Creating space for an Oil Crisis

This article is derived from the research of Goehring & Rozencwajg Globally, we are on the brink of an energy crisis. Like most crises, the fundamental reasons for the energy crisis have been lurking in the background for several years but required a catalyst to bring them to the forefront and the eye of the public as well as the average investor. The pending energy crisis is rooted in the underlying reduction of US shales and the continuing disappointments in non-OPEC supply from the rest of the world. The catalyst for the energy crisis is the coronavirus.

The first phase of the crisis that saw prices go negative is now in the past, and the next phase, which should take prices much higher, is still in very early stages. In general, global energy markets, and oil markets specifically, are moving into a structural shortfall as we speak. During the coming years, investment in the energy market will be the most important theme in investment terms and the most significant unintentional consequence of the coronavirus.

Investors are now focussed on how quickly supply can be brought back to meet the recovering demand. Though most investors believe that production can be brought back online easily, the models of Goehring & Rozencwajg tell a different story. It is most likely that OPEC+ production will rebound; however, non-OPEC+ production will find it much more difficult to recover. Models indicate that non-OPEC+ production is about to decline, instead of recovering from the current dramatically low levels.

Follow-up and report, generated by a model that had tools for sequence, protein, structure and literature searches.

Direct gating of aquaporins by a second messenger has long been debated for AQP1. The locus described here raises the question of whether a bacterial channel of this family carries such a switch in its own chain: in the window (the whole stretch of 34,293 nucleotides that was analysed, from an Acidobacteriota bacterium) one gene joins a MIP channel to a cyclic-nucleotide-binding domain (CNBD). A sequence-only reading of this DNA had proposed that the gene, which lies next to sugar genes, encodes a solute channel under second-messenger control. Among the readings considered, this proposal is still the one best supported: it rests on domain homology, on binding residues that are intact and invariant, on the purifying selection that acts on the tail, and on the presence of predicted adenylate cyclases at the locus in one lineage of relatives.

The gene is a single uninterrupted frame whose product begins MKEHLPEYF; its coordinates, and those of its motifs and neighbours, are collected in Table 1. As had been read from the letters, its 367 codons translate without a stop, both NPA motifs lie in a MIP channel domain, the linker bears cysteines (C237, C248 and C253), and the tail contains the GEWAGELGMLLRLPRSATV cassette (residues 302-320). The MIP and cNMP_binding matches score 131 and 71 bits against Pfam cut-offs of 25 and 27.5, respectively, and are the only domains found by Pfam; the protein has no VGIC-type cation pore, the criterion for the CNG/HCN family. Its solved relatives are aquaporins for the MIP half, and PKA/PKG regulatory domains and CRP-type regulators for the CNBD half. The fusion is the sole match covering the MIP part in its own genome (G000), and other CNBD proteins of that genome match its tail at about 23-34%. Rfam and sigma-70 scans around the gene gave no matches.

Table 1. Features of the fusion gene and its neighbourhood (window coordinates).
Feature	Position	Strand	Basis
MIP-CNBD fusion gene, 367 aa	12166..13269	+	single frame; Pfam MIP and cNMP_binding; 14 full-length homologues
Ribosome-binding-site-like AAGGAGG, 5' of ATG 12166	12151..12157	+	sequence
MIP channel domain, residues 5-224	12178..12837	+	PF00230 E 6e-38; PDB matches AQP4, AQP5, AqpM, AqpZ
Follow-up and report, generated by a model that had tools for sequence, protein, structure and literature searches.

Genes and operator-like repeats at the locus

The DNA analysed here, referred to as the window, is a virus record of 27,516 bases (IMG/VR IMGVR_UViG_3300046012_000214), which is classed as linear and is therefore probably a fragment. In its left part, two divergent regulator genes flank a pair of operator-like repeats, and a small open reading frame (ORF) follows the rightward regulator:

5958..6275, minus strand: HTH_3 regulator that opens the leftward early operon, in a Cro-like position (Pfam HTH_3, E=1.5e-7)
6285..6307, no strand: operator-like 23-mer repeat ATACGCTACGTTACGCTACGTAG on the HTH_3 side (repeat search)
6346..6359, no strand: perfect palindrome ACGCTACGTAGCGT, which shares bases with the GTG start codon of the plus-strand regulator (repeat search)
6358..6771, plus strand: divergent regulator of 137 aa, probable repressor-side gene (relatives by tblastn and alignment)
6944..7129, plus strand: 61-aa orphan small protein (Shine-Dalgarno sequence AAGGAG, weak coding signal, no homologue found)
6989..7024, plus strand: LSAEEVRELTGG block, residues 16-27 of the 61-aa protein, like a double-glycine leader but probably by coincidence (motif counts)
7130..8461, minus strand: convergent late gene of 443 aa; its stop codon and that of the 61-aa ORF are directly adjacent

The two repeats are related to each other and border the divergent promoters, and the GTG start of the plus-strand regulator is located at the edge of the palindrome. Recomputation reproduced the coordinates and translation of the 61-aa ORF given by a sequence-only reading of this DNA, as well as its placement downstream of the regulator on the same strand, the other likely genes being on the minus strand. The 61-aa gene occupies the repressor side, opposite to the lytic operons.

To date, the decrease in non-OPEC+ production has come entirely from proactively shutting in production. The oil wells were mostly old and only slightly economic before oil prices collapsed in early 2020. In the future, production will be impacted by a different and also longer-lasting force. The low oil prices led to producers to limiting almost all new drilling activity. As of 13 March 2020, 680 rigs were drilling in the United States. The US oil rig count fell by 75% to 180 rigs in less than four months afterwards, the lowest level on record.

Typically, shale wells benefit from strong initial production levels but suffer from sharp ensuing declines. Basin production falls quickly unless new wells are constantly drilled and completed to offset the base declines. Given that the US shale production was already declining in November 2019 (when the rig count was above 700), the current rig count of 373 all but guarantee that production will collapse in the future.

The lower oil prices led to a significant decline in drilling in the rest of the world as well. Between February and June 2020, the non-US oil rig count declined by 40%, also the lowest count on record. The last decade saw this group’s production slowly and steadily decline, as a dearth of new projects has not been enough to offset legacy field depletion. By laying down half their rigs, this group ensured that future production would be substantially impacted.

Analysts continue to focus on what has already happened (the shutting-in of existing production), instead of focussing on what is yet to come. The unprecedented drilling decline is only starting to impact production now. In the future, supply will decrease dramatically, leaving the market in an unprecedented deficit starting now.

See below the move in Brent Crude Oil, back up to $60 a barrel from the lows of around $20 we saw in Apr/May 2020.